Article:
To start, gather a list of requirements from those involved. It may help to provide a list of standard criteria for evaluation of RFP to start.
Sample RFP evaluation criteria:
- Technical capabilities
- Vendor experience
- Local vs. global
- Project approach
- Total price
- Customer success practices
- Reputation and customer references
- Social policies
- Data security
- Terms and conditions
Encourage them to brainstorm without considering budget (we’ll get to that later). Compile your list of possible features and capabilities and note which items were mentioned repeatedly.
2. Define project scope
Next, use your full list of considerations and narrow it down. Categorize each item into one of three categories: must have, nice to have and not needed. Then, use the results to write corresponding RFP questions. For must-have elements, try to ask close-ended questions. This makes objective evaluation easier.
Naturally, questions about these factors will be spread among different sections. So, as you build your RFP be sure to keep track of which are deal-breaker questions.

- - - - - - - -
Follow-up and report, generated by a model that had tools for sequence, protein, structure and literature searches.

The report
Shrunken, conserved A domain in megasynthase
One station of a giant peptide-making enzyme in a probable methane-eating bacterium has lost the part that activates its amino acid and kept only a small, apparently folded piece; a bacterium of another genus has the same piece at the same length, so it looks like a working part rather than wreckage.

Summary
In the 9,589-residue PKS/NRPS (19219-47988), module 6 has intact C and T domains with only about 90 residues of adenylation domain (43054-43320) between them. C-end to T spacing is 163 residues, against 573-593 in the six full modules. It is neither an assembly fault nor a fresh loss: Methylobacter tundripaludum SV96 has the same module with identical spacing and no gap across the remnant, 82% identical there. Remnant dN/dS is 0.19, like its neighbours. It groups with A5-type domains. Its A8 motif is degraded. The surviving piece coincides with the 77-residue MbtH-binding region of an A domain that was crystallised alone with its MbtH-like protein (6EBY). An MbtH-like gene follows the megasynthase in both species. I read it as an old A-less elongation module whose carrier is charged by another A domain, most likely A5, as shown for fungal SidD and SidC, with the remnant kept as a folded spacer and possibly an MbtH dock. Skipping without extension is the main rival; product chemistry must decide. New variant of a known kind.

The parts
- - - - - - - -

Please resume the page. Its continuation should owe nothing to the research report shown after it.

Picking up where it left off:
3. Establish RFP priorities
RFP evaluation is all about give and take. If you can get exactly what you want in one area, but must sacrifice in another how does that impact a vendor’s score? Your RFP criteria should communicate your priorities. The best way to do that is to establish values for the most important sections of your RFP. Often, we see capabilities and experience most heavily weighted. Surprisingly, in most cases, price isn’t the highest priority.
Best practices for RFP evaluation criteria
Be as transparent and upfront as possible
Vendors spend a great deal of time and energy creating proposals. Truly, they want to provide you compelling and relevant responses. However, they need to know what matters most to you. Therefore, the more you can tell them about your needs and priorities, the better responses you’ll get. Include your RFP evaluation criteria in the RFP as well as the weighting you plan to use.
Don’t deviate from your RFP criteria
Once established, your RFP evaluation criteria should be the foundation and guide to your scoring process. Of course, things happen, so if you need to update your criteria, also make sure vendors are aware.
For example, a vendor offers a service you didn’t consider, but after review believe is necessary. In this case, you should issue a follow up note to the other vendors and give them an opportunity to meet the new requirement. Not only does this give suppliers a fair playing field, but it also ensures you avoid potential risk and compliance issues.
Create an RFP evaluation guide
Some of the complexity of proposal evaluation comes from internal ambiguity around scoring expectations. To solve this challenge, it’s a good idea to create a short guide for your stakeholders to follow when scoring RFPs. Include the original list of considerations along with their assigned priority. If possible, provide explanations or context for subjective questions.